Thomas Hatch

By Joe Wedra

When the Chicago Cubs drafted pitcher Thomas Hatch with their third-round selection in the 2016 MLB Draft, the plan was to take it slow with the former Oklahoma State standout.

Now, just a handful of starts into his young pro ball career, the Myrtle Beach Pelicans starting pitcher is proving that he’s talented, healthy and ready to climb the ladder in the Chicago organization.

Hatch, a 22-year-old right-hander, was named the 2016 Big-12 Conference Pitcher of the Year in his redshirt sophomore season that followed a lengthy recovery for a UCL strain. He missed all of the 2015 season, making 2016 his major showcase for big-league teams. 

And now in his first full season in the Cubs system, Hatch has helped everyone forget about the injury that now looks like a short hurdle on the road to his massive success on the mound.

For the Pelicans through 14 starts, he’s allowed just 62 hits and has struck out 73 batters, posting a 3.33 ERA that has dipped tremendously over his last four starts — 27 innings, one earned run.

The initial leap to professional baseball saw Hatch get hit around and make the expected rookie mistakes. However just 70 innings into his time with the Pelicans, it’s clear that the Cubs 2016 top Draft selection is coming into his own and quickly living up to expectations.

“I think most of it is confidence and fastball command,” Hatch said of his recent success. “I had lost [the command] a little bit earlier in the year, and a lot of that had something to do with just getting used to everything, the lifestyle change. But, I think I’ve gotten used to it and after getting to know everybody, the situation has allowed me to hang back and focus on baseball.”

The Cubs utilized the months following their signing of Hatch to ease him into the system rather than tossing him into more action, even sending him to be around single-A South Bend at the end of the season to boost his confidence and work alongside other players in the organization. 

After tossing 130 innings at Oklahoma State, Hatch said the down time was a welcomed hit of the reset button.

Now in June of his first year in the minor-leagues Hatch is seemingly in stride in high-A ball, something that should be underscored. Most players don’t start their work in pro ball at the advanced single-A level — it speaks volumes that the Cubs placed him in Myrtle Beach at the start of this year. And to say the least, he isn’t disappointing.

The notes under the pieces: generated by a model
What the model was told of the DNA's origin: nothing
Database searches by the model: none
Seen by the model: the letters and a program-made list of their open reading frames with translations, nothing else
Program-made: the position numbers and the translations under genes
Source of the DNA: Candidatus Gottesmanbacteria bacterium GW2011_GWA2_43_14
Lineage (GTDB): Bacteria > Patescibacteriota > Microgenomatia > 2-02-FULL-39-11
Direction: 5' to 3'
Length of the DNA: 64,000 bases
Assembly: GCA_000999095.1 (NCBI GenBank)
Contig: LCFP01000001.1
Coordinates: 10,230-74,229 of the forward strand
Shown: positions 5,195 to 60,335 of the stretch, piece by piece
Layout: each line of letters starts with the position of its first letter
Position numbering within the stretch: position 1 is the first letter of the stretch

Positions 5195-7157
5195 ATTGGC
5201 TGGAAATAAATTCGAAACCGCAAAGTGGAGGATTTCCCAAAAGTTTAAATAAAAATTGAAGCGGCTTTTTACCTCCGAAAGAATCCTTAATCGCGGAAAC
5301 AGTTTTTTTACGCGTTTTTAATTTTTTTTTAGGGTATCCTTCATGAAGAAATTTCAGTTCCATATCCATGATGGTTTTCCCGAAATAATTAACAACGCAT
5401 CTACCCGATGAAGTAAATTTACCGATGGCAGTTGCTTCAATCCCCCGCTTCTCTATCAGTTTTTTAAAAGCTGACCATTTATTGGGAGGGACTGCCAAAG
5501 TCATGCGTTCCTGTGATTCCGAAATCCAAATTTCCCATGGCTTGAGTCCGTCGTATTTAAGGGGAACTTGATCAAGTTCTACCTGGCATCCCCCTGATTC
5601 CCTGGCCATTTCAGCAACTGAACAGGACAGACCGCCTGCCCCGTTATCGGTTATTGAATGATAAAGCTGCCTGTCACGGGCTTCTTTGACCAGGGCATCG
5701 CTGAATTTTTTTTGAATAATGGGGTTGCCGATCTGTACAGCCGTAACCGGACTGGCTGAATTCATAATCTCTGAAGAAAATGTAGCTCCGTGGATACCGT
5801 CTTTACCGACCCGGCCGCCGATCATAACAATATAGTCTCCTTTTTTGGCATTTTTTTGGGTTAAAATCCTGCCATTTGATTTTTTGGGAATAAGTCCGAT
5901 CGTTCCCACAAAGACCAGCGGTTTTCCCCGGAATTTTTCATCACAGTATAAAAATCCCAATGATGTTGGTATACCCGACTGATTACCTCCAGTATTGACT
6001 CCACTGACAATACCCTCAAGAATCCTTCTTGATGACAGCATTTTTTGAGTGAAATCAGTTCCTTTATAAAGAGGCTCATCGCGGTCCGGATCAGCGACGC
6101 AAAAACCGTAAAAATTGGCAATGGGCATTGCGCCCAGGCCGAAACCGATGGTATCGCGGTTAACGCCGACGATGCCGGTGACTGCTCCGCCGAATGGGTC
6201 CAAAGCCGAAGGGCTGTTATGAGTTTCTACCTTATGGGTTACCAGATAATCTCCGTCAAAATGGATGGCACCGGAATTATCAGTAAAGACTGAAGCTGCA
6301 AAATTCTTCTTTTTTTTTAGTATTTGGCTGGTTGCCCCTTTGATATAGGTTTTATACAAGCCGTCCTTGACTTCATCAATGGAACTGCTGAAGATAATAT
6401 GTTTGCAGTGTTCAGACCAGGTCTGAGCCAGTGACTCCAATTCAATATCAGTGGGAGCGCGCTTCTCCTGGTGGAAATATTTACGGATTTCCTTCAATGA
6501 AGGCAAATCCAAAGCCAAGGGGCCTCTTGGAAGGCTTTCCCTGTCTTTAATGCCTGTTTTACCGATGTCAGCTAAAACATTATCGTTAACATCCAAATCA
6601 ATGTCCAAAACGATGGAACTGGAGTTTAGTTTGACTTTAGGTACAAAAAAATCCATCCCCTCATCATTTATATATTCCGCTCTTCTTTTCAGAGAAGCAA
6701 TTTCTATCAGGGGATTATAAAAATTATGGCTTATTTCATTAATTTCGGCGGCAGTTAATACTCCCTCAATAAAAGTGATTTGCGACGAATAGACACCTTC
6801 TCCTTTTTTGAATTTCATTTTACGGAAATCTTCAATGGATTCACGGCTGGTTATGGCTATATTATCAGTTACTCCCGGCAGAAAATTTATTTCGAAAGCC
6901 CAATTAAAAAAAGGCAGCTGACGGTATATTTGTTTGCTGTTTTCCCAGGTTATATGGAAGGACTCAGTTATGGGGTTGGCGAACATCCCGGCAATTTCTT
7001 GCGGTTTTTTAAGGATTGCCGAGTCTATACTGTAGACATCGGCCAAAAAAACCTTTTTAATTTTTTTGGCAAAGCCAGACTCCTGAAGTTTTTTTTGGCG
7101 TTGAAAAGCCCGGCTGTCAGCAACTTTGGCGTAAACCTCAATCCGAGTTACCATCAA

“You have a good feel for your body at this point,” he said. “There’s such a thing as a mid-season form and I feel like a lot of us have hit that stride. There were adjustments coming off of the five, six month rest in the offseason that you have to get back into feeling your body and arm out. I think once you hit that 30, 40-inning mark, you start to hit that groove and feel that consistency.”

Hatch hasn’t just flashed upside either — he’s effectively showcased a projectable pitching style and ability to make hitters swing and miss.

The 10th-ranked prospect in the Chicago organization (per says maintaining a balanced mindset when it comes to strikeouts has been one of his major keys to success. He feels strikeouts are always valuable, but they tend to come more rapidly with a focus on not taking any pitches off during every start.

“It’s a byproduct of executing pitches,” he said of his plus strikeout totals. “Obviously you read swings and see what you want to do that way, but going deep into games is just as important… Ultimately the goal is to put up zeroes and if you can strike people out, keeping the ball out of play is going to lead to success as well, but keeping that pitch count down is big too.”

If you ask Hatch what his most important pitch is, he’ll likely tell you — as most pitchers would — that it’s the fastball.

But while his well-established fastball is impressive, it’s the slider that likely draws the most amazed reactions during Hatch’s outings. With consistency, it has the potential to be the foundation of his progression.

“Up until my junior year in college I never really had a breaking ball, it was inconsistent,” Hatch noted. “But, we really pushed it and it got to be really good in my junior year but even at that point it probably wasn’t as good as it is here from a consistency perspective. 

“That was one thing that I’ve been told from our coordinators is consistency, and I feel like I’ve kind of mastered that. Obviously [the slider] can always get better, but at this stage I’m happy with where it’s at. I’ve been able to throw it for strikes and bury it when I’ve wanted to.”

Looking at the immediate future, there’s plenty of room for optimism when analyzing Hatch. He’s mowing down the competition on a regular basis and appears as healthy as ever. In a larger sense, he’s right on track.

For Hatch, he’s combined the big picture and small one together to form a rock-solid mindset. He knows what could be on the horizon if he continues to keep this current pace — it’s all about cashing in on opportunities and staying steady with each part of his game.

“I’d love to make that jump to the big-leagues as soon as possible, but it’s a step by step thing,” Hatch said. “I could tell this year, coming from college to this level, I thought I could hit the ground running but obviously there is a learning curve. I just like to take it a day at a time and I’ll continue to do that.”

Stats as of Wednesday,

June 28.


(0) comments

Welcome to the discussion.

Keep it Clean. Please avoid obscene, vulgar, lewd, racist or sexually-oriented language.
Don't Threaten. Threats of harming another person will not be tolerated.
Be Truthful. Don't knowingly lie about anyone or anything.
Be Nice. No racism, sexism or any sort of -ism that is degrading to another person.
Be Proactive. Use the 'Report' link on each comment to let us know of abusive posts.
Share with Us. We'd love to hear eyewitness accounts, the history behind an article.